Thank you all so much for the words of encouragement. It makes it a lot easier to keep on keeping on.

My kids are home! They had a good, if exhausting trip. On Saturday afternoon, I had a pile of my kids, grandkids, friends and neighbors, eating and drinking and making merry. Now comes the hard part.

We have to figure out how to make this work. It’s one thing to know that it’s foolish for 4 people to live in a house with 5 bedrooms, 2 bathrooms, a living room, a den and a library, in addition to a huge country kitchen and living room. We have to heat the whole thing regardless of how many live here. It takes little more energy to cook for 6 than it does for 4. Rather than 4 cars, we can easily cut down to 2 and still have transportation options. We have experience growing and preserving food. My kids have strong, young backs. But I have to face reality. We’re a pretty entitled culture and intergenerational living is not the norm here as was historically or still is in many other cultures. We have to redefine independence, interdependence and family. I have to let go of control and the young people have to step up to the responsibility.

It’s tempting to just let things drift and see what happens but I think that’s a really bad idea. It’s way too easy to slip back into old, familiar patterns of relating. Last night was devoted to a talk on philosophy and goals. We got to share some hopes and fears and possible outcomes. We all admitted that we are on a honeymoon right now and the endorphins have kicked in. Real life is often a lot messier. Tonight, we are planning a family meeting to discuss the nuts and bolts of living together, including things like cook and cleaning chores, division of space and privacy and how to handle those places where have very differing opinions. I’m thinking that a monthly meeting is a good idea. It will give us a time a place to bring up problems before they become huge and unsolvable.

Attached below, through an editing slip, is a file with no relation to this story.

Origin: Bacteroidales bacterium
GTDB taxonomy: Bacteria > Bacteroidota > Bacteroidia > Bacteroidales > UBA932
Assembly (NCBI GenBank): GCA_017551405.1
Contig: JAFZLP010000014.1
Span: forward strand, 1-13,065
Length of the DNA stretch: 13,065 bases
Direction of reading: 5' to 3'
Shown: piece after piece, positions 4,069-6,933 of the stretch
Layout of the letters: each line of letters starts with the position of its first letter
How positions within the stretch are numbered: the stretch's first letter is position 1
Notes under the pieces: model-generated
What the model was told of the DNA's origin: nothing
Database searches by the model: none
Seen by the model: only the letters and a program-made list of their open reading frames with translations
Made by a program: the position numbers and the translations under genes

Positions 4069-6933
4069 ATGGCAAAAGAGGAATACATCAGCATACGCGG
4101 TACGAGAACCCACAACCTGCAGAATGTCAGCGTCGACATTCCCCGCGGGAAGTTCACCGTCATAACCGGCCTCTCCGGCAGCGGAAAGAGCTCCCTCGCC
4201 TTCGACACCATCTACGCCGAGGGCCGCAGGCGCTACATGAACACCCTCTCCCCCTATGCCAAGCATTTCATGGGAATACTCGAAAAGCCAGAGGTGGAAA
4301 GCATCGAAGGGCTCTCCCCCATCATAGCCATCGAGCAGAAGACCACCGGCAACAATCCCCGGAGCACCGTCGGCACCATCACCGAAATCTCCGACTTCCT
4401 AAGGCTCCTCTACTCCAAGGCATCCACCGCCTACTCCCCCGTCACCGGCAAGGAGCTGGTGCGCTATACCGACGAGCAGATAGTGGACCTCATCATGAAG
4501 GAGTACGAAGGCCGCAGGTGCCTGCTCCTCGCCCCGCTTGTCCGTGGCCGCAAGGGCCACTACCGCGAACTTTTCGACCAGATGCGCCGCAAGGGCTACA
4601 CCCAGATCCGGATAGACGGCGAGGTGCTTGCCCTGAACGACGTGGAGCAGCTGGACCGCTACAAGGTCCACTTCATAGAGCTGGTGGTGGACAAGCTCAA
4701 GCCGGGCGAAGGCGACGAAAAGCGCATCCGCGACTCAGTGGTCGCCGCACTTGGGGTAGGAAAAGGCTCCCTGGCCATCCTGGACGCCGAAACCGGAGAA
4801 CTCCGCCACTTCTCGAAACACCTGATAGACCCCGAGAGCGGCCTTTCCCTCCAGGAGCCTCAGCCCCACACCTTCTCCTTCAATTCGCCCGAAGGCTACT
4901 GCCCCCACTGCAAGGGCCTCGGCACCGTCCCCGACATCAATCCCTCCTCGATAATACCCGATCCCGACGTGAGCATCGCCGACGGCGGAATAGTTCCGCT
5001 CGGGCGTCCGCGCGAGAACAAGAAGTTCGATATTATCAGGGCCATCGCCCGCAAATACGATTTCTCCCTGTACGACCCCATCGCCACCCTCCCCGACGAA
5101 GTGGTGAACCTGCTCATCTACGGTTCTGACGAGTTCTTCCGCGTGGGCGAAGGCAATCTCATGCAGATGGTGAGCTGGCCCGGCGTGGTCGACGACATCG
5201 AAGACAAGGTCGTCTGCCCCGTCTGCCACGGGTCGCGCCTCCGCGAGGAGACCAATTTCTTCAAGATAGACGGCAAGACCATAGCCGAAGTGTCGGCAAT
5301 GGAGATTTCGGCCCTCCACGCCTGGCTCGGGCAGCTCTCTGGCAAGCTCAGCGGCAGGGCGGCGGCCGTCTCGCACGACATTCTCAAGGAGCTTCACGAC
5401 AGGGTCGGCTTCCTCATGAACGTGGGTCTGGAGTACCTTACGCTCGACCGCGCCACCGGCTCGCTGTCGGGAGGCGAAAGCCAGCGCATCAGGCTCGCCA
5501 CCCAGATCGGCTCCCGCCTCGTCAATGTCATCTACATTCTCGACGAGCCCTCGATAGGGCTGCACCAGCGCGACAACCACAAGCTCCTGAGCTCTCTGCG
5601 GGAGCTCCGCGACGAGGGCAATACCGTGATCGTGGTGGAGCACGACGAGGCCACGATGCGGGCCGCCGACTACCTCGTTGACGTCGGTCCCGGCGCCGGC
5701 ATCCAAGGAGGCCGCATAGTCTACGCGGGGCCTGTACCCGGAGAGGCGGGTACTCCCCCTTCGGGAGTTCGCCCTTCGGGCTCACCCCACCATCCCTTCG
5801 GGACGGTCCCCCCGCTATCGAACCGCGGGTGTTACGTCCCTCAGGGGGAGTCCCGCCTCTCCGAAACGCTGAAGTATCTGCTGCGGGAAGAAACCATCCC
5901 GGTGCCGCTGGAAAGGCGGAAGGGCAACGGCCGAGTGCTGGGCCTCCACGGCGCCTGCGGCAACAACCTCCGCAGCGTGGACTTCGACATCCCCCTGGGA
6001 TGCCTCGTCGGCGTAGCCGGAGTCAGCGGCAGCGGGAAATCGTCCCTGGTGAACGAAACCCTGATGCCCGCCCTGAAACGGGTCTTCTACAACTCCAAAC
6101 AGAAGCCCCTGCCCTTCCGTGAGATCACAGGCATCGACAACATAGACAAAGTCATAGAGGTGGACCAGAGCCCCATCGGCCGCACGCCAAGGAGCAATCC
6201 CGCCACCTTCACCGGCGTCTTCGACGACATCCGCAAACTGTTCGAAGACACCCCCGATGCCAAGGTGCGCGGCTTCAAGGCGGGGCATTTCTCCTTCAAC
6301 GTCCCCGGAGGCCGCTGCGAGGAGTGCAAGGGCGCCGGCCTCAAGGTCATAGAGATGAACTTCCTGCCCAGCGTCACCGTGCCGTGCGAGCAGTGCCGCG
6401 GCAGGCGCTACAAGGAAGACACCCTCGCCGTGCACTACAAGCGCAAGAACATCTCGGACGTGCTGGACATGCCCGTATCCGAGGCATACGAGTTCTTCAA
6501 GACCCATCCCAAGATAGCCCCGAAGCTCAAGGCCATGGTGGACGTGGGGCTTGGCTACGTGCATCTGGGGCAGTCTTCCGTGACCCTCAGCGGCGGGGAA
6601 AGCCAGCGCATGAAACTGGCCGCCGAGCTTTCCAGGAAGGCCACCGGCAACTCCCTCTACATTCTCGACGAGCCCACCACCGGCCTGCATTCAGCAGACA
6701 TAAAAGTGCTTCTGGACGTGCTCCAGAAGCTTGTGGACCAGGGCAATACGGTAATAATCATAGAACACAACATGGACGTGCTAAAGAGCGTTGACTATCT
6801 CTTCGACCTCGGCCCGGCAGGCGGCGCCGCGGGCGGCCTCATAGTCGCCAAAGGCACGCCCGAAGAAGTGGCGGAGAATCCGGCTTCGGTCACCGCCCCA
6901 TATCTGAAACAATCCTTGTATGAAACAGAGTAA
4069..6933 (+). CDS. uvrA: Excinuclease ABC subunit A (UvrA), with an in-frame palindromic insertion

It occurs to me that we are pretty entitled. Just the fact that we can afford to have the conversation, the idea that options are available to us, is a function of the age of cheap energy. For most of history and in most places in the world, our modest home would be considered a mansion. We have more food than we need, more heat than is necessary, more space than is ethical, more water, more topsoil, more clean air, more safety, more love, more of everything that matters than millions, maybe billions, of others. We must remember to begin each day with gratitude.

On other notes. I have putting in strawberry beds everywhere. They can spread and naturalized and provide food for birds and insects and maybe the occasional wandering child. While setting some out I found that some of the ramps I transplanted last year took and have spread on the stream bank. I thought the lack of rain last summer would have done them in. The nettles are emerging as are the first lamb’s quarters. I can’t wait for my first nettle soup.